Say I have these files in dir1:

-rw-r--r--  1 user user  10240 Jul  2 11:54 10_data.txt
-rw-r--r--  1 user user  36048 Jul  4 11:56 95_data.txt
-rw-r--r--  1 user user  35634 Jul  7 11:56 01_data.txt
-rw-r--r--  1 user user  10630 Jul  9 11:56 19_data.txt
-rw-r--r--  1 user user  35476 Jul  9 11:57 93_data.txt

I want to be able to copy these files based on their timestamps, specifically the day of the month (2, 4, 7 and 9).


copy 10_data.txt into a directory called 02
copy 19_data.txt into a directory called 09
copy 93_data.txt into a directory called 09

Destination directories (01, 02, 03 , etc.) would already exist, so no need to create them or anything. I plan to run this as a cron job daily after midnight.

Can I use find for this task along with (date +%d) or something like that?

Thank you!


stat is your friend for finding out when a file was modified, or its size, or most any of the file attributes that ls would display.

On FreeBSD, for example, stat -f %Sm -t %d -- foo will show you the day of the month when file foo was last modified, which appears to be what you are after.

No need for find, you can iterate over the files directly, such as in this bash example:

for f in *; do
  d=$(stat -f %Sm -t %d -- "$f")
  cp -p -- "$f" $d/

Responding to your comment that your target OS is RedHat, it appears that RedHat's stat utility does not have the formatting flexibility that FreeBSD's has. You can compare the man pages here.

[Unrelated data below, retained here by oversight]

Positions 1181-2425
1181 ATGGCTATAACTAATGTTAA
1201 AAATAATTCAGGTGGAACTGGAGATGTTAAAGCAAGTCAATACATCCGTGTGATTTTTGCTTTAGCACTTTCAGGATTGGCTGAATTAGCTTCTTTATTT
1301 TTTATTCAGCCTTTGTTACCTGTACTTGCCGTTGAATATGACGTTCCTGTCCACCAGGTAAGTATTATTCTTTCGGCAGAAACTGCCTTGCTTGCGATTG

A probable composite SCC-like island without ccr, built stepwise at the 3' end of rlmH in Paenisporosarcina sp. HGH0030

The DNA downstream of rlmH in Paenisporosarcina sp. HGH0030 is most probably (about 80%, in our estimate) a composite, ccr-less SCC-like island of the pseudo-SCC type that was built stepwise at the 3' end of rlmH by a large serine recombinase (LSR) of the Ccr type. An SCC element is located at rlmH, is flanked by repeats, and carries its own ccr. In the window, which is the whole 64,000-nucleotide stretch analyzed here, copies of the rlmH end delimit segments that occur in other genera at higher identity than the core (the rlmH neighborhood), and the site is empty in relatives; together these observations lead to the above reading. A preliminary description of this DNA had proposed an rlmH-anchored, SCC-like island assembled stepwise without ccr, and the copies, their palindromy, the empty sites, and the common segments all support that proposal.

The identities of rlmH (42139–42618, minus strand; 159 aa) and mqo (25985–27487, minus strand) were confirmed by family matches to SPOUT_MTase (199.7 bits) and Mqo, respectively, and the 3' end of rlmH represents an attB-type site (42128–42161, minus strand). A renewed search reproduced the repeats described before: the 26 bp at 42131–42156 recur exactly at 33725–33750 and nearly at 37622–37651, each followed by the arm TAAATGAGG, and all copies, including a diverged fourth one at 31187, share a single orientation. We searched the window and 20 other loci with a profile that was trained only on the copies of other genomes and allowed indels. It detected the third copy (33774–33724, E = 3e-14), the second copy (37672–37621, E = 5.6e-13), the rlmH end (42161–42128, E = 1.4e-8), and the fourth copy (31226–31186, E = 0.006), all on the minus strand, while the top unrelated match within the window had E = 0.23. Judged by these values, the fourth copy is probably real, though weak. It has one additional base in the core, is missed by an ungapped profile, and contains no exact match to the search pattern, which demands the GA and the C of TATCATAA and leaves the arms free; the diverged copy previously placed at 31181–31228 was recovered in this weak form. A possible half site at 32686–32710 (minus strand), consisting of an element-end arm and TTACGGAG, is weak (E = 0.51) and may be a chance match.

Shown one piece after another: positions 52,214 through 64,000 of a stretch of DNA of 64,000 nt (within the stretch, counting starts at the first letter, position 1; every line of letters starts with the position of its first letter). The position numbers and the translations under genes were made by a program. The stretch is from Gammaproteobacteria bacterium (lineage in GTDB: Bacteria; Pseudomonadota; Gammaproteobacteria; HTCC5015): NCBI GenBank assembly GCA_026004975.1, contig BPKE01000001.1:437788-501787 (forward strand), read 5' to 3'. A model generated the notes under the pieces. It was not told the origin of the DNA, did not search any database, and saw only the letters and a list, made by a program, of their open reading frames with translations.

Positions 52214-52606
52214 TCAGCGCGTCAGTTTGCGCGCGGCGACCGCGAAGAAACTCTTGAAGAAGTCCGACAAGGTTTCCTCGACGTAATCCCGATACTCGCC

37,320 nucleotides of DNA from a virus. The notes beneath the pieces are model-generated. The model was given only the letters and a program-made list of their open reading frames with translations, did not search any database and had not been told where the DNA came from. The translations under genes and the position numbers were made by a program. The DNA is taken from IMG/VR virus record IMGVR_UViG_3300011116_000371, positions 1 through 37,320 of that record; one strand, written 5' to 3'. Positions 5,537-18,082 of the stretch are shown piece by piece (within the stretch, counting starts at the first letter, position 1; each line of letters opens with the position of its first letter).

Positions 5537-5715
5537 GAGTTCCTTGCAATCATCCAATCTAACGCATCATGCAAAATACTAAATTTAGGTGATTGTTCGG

You may find the command date -r foo "+%d" a suitable substitute. The relevant line of the script would then become:

  d=$(date -r "$f" "+%d")
| improve this answer | |
  • 1
    You might indicate whether this relies on the GNU stat or some other implementation. – Jeff Schaller Jul 9 '19 at 18:16
  • @Jeff-Schaller Good idea. Thank you. – Jim L. Jul 9 '19 at 18:33
  • I am trying to do this on a RHEL system – GA_train Jul 9 '19 at 18:34
  • @GA_t man stat should show you what you need to know. You can play with the stat command manually until you find the options that work for your OS. Then just plug that syntax into the script. – Jim L. Jul 9 '19 at 18:37
  • This "RHEL" comment indicates that the question could use a Linux tag, in order to focus any other answerers on the runtime environment that applies. – Jeff Schaller Jul 9 '19 at 19:23

If you have zsh available, you could do this with its zstat module:

zmodload zsh/stat
for f in *.txt
  cp -p -- "$f" $(zstat -F %d +mtime "$f")/

The zstat -F %d +mtime command asks for the formatted output (-F %d) of the day-of-the-month of the files' modification times. The resulting decimal number is in the range 01 to 31, and is used as the target for the cp command.

| improve this answer | |
  • Nice use of -- to insulate against filenames begining with a hyphen. I borrowed that to improve my answer. In return, may I suggest -p? By default, cp alters the modification date of the file, which is an important piece of the OP's stated problem. Using -p preserves the modification date, which in turn makes it easier to confirm the files were copied to the correct directories. – Jim L. Jul 9 '19 at 19:12
  • Great suggestion, Jim L; thank you! I've incorporated it. – Jeff Schaller Jul 9 '19 at 19:22

You may try like this. I've tested. It should work

cp `ls -ltrh *txt  | awk '{if($7=2){print $NF}}'` `ls -ltrh *txt  | awk '{print $7}'`

I've considered for only day of 2 and directory is on same path. Kindly add other dates and if the directory is another folder then add that as well.

Another assumption is that there is no space in file name.

| improve this answer | |
  • 2
    careful if someone does touch "foo bar.txt" – Jeff Schaller Jul 9 '19 at 18:14
  • Yes. code snippet wont work on that case. Need to handle that. Nice input btw @JeffSchaller – Leon Jul 9 '19 at 18:16

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